Development of polyphonic skills and part-singing based on the
Kodály - Ádám
Énekes könyv (Singing Books) series

Book 4 (age 9-10)


Summary of musical concepts learnt through the folksong repertory Kodály-Ádám Singing Books, Book 4.

Rhythmic elements, metre:

  • 4/4 metre
  • quaver rest

Melodic elements and scales:

  • from “d” pentatony to the major scale
  • from “l” pentatony to the aeolian scale
  • modes: dorian (re-scale)


Two-part “knocking” and other rhythm exercises


Rhythm exercises in 2/4 metre

Example 42

Example 43


At this level “knocking exercises” are constructed from more independently moving parts.


Example 44

Teaching tips:

Sing the lower part on “doh”, the upper part on “soh.”
Replace the solfa name with rhythm syllables or neutral singing syllables (la- la).


Example 45

Example 46

Rhythm exercises for practising 4/4 metre

Example 47

Teaching tips:

Sing the lower part on “doh”, the upper part on “soh.”
Replace the solfa name with rhythm syllables or neutral singing syllables (la- la).


Example 48

Example 49

Example 50

Example 51

Example 52

Example 53



Simple rhythm activity incorporating singing


Example 54

Rhythm canon

Example 55 

Teaching tips:

“Initiative and canon-like measures should be included among the exercises, establishing the bases, and the foundation of two-part singing. Begin with the simplest exercises and work toward more difficult ones.” (Jenő Ádám: Growing in Music with Movable Do, p. 182.)
“The tempo should always be slow at first. In future exercises, we may increase the tempo, but do only as many exercises as will interest and stimulate the child. The diversity of our percussion instruments almost insures interest. The parts should, of course, be interchanged regularly.” (Jenő Ádám: Growing in Music with Movable Do, p. 182.)


Example 56-57

Teaching tips:

Change parts!


Rhythm exercises for practising quaver rest in 2/4 metre

Example 58

Example 59

Example 60

Example 61

Example 62

Example 63

Example 64

Rhythm exercises for practising quaver rest in 4/4 metre

Example 65

Example 66

Three-part rhythmic exercises

Example 67

Example 68


Simple two-part intonation exercises

Example 69-71


This form of two-part singing is one of the most rudimentary forms of polyphonic development: one group sustains a note while the other group sings a slowly moving melodic line.


Example 72-74

Example 75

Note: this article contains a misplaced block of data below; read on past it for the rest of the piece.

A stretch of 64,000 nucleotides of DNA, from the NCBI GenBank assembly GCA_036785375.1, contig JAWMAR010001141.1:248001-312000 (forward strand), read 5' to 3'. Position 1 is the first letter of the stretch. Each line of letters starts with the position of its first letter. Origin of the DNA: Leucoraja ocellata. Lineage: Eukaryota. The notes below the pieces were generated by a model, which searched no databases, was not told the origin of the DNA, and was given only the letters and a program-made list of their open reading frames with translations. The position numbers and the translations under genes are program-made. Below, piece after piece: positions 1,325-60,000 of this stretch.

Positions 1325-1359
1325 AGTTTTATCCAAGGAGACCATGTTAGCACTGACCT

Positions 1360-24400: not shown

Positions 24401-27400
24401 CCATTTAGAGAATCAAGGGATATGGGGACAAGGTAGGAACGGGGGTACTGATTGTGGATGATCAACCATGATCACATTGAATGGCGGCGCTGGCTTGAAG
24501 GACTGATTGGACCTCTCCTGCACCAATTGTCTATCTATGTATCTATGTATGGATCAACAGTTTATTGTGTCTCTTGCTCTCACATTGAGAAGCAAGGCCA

Example 76

Example 77


Simple melodic line accompanied by a melodic ostinato.
Further suggestion:

Kodály, Zoltán: Bicinia Hungarica No. 3.

Example 78

Example 79

Example 80


In this exercise both parts move.
Teaching tips:

“In the interest of saving time learn to use double hand signals. However, do not neglect written notation. Initially, as a springboard, it is best to begin with the same note.” (Jenő Ádám: Growing in Music with Movable Do, p. 185.)


Example 81-86

Example 87-91

Example 92

Example 93-95



Canon singing


Example 96 (“Szélről legeljetek...” Hungarian folksong)

Example 97

Example 98

Example 99

Example 100


Two-part folksong arrangements


Example 101

Example 102

Example 103


Two-part material, imitative counterpoint


Example 104



About Kodályhub

The Kodály HUB is a public on-line Knowledge Centre in which a Musicbook, a Community, a Calendar and further resources are available to assist teachers in their everyday work. The Songbook contains several hundred songs and music listening materials from all over the world. The songs are analysed using many key, searchable parameters and (when relevant) accompanied by a game or movement activity to support the teaching objectives and increase the enjoyment of the lesson. 

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In 2019, 2020, 2021, the maintenance of the Kodály HUB has been supported by the National Cultural Fund of Hungary and the "Everyday Singing" programme of the Ministry of Human Capacities of Hungary, the fee of the logo registration was covered by the National Research and Development Office of Hungary.

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